The mother of a young rider who died in a car accident is urging people to talk about organ donation as a change to the law in England was given the go-ahead by parliament.
Keira Ball, who was nine years old when she died in 2017 saved the lives of four people by donating her organs — two adults and two children.
On Tuesday (26 February), Max and Keira’s Law — named after Keira and 10-year-old Max Johnson who received her heart — cleared the final parliamentary hurdle. The bill has now fully passed through the House of Commons and the House of Lords, with the final stage being royal assent. This means that from 2020 the law in England will change from an “opt-in” system, to presumed consent.
“She had a real love for her ponies — it was a passion, she loved horses,” Loanna Ball told H&H.
“Organ donation is such an important subject, I don’t think it can be spoken about enough. [The outcome on Tuesday] was absolutely brilliant, although 2020 is still so far away.”
Families of the deceased will still have the final say, even if a person has expressly requested their organs are donated, which is referred to as a “soft opt-out”.
Mrs Ball said she would like to see the law develop to move away from the family being able to make the decision if a person has said they want their organs to go to others.
“It is so hard, your say should be enough,” she said, adding that education and more open discussion is the way forward.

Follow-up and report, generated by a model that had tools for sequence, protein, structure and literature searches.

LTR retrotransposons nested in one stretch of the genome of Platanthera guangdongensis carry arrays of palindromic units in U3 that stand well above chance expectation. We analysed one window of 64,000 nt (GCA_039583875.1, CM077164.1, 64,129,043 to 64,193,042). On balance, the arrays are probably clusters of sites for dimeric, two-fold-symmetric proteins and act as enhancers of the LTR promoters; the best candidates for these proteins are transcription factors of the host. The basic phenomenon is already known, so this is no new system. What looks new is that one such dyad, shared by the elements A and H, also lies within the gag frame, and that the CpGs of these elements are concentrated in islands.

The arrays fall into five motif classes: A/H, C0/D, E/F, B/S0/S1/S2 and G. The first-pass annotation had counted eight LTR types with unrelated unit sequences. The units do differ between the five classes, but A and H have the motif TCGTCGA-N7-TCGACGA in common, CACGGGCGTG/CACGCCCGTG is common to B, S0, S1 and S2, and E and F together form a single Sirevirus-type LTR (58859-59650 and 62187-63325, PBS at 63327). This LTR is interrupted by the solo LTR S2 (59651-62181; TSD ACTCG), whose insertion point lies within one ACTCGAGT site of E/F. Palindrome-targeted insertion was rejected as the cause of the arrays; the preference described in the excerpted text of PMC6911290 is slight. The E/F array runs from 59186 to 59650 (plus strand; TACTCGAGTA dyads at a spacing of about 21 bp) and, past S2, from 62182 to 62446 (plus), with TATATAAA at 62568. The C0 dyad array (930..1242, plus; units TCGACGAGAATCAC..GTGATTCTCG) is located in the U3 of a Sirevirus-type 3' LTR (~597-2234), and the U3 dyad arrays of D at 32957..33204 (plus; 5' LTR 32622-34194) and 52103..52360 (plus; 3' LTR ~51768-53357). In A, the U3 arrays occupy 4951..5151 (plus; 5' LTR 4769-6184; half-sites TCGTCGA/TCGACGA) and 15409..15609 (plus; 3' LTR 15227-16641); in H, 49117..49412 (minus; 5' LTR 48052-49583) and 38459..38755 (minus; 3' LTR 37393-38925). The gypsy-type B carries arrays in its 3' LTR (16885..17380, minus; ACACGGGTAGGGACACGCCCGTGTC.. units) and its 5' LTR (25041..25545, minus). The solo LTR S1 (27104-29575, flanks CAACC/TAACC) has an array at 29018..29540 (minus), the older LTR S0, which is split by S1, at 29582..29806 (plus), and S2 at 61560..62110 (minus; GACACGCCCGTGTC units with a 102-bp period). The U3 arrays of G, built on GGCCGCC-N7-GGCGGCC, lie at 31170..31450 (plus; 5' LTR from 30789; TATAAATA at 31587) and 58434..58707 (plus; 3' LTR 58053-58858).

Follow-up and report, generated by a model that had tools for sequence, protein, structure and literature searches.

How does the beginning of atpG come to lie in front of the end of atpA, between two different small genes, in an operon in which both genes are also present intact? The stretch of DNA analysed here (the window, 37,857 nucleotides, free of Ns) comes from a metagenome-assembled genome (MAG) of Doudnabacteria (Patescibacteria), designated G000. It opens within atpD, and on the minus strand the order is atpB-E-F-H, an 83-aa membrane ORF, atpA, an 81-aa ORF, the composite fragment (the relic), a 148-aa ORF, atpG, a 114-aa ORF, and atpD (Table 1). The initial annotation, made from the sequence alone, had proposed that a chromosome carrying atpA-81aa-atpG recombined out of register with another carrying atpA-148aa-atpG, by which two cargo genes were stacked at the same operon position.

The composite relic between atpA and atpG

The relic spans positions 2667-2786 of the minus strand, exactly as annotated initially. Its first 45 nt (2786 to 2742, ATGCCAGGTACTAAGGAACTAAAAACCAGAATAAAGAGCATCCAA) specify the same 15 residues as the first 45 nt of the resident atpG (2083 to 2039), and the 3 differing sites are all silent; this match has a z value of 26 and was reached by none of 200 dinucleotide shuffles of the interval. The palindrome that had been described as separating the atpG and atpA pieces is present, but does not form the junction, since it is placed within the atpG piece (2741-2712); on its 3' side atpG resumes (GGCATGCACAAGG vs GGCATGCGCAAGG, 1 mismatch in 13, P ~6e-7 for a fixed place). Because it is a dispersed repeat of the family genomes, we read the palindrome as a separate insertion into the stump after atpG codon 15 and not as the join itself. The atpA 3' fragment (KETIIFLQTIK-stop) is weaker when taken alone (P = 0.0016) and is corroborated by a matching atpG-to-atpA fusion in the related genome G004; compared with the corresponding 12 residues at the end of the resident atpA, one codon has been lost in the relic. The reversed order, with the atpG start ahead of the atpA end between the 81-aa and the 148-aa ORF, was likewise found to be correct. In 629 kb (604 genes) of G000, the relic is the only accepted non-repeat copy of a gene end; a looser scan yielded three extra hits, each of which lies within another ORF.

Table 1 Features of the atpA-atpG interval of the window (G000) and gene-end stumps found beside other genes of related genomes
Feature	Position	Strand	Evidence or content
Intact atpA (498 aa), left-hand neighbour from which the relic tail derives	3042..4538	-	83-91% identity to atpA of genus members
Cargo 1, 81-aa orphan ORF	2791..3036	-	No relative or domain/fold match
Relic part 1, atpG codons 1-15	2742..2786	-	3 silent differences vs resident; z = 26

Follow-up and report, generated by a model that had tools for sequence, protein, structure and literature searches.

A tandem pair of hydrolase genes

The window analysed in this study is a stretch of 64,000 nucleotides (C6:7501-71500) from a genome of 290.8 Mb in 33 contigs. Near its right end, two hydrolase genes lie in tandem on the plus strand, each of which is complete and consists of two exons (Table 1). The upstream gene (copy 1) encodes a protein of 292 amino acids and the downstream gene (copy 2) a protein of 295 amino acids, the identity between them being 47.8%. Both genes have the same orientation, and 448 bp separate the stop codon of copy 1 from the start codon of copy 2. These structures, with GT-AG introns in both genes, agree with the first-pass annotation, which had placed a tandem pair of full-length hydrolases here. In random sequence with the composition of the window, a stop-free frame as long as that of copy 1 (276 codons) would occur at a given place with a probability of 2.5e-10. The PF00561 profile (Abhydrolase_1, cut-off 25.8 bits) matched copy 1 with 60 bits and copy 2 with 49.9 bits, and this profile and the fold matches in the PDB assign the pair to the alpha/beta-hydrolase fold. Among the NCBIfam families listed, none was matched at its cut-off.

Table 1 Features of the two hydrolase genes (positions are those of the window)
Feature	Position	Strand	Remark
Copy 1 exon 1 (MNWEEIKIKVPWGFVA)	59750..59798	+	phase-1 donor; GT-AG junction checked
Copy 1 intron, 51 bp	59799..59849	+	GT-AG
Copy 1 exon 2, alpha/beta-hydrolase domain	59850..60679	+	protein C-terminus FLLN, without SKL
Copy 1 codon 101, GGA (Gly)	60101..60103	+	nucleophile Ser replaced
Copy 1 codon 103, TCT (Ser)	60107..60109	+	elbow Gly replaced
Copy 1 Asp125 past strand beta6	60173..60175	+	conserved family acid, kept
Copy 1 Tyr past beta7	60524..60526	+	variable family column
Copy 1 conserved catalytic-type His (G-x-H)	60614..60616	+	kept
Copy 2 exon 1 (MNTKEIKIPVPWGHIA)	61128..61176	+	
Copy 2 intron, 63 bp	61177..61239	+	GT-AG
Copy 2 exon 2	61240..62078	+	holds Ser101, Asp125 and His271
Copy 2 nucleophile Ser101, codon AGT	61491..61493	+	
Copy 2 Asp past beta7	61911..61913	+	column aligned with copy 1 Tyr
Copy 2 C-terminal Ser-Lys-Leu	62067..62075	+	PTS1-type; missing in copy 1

“For now this is a massive step in the right direction.
“The problem is death is such a taboo subject and because organ donation comes after that it is something that is often never discussed.”
Mrs Ball was seriously injured in the crash, so her husband, Keira’s father Joe Ball, made the decision when he was approached by the organ donor team at Bristol hospital that it was what his daughter would have wanted.
On average, three people die each day while on the waiting list and more than 6,000 are waiting for a new organ.
The family is promoting education around organ donation and transplants in schools.
“Talk to children [about it at school] so they can go home and speak to their parents and everyone feels comfortable to have that conversation,” she said.
“No matter what we do, loss comes to us all. We always think it will never be us, it will be somebody else.
“Through something so tragic, there is a silver lining — she has this legacy.”
Keira and Max’s families will both speak at the British Transplantation Society and NHSBT Organ Donation and Transplantation congress in Harrogate next week (6 to 8 March) to share their stories.
Mrs Ball added she would like more open discussion over what happens when a person’s organs are removed as this and questions over whether the body will be disfiguired is understandably a worry for loved ones.
“I think a lot of people are very afraid of that,” she said, adding it does not change the way their loved one looks. “People need to be reassured.”
Keira is buried on the family’s land, next to one of her ponies and her grandmother.
Her family set up a charity last year, called Inspired By Keira, to raise awareness of organ donation and to help families financially who are struggling with the associated costs of travel and accommodation when one of their members is in hospital. Keira’s elder sister, Keely, who also rides, competes in memory of her sister.
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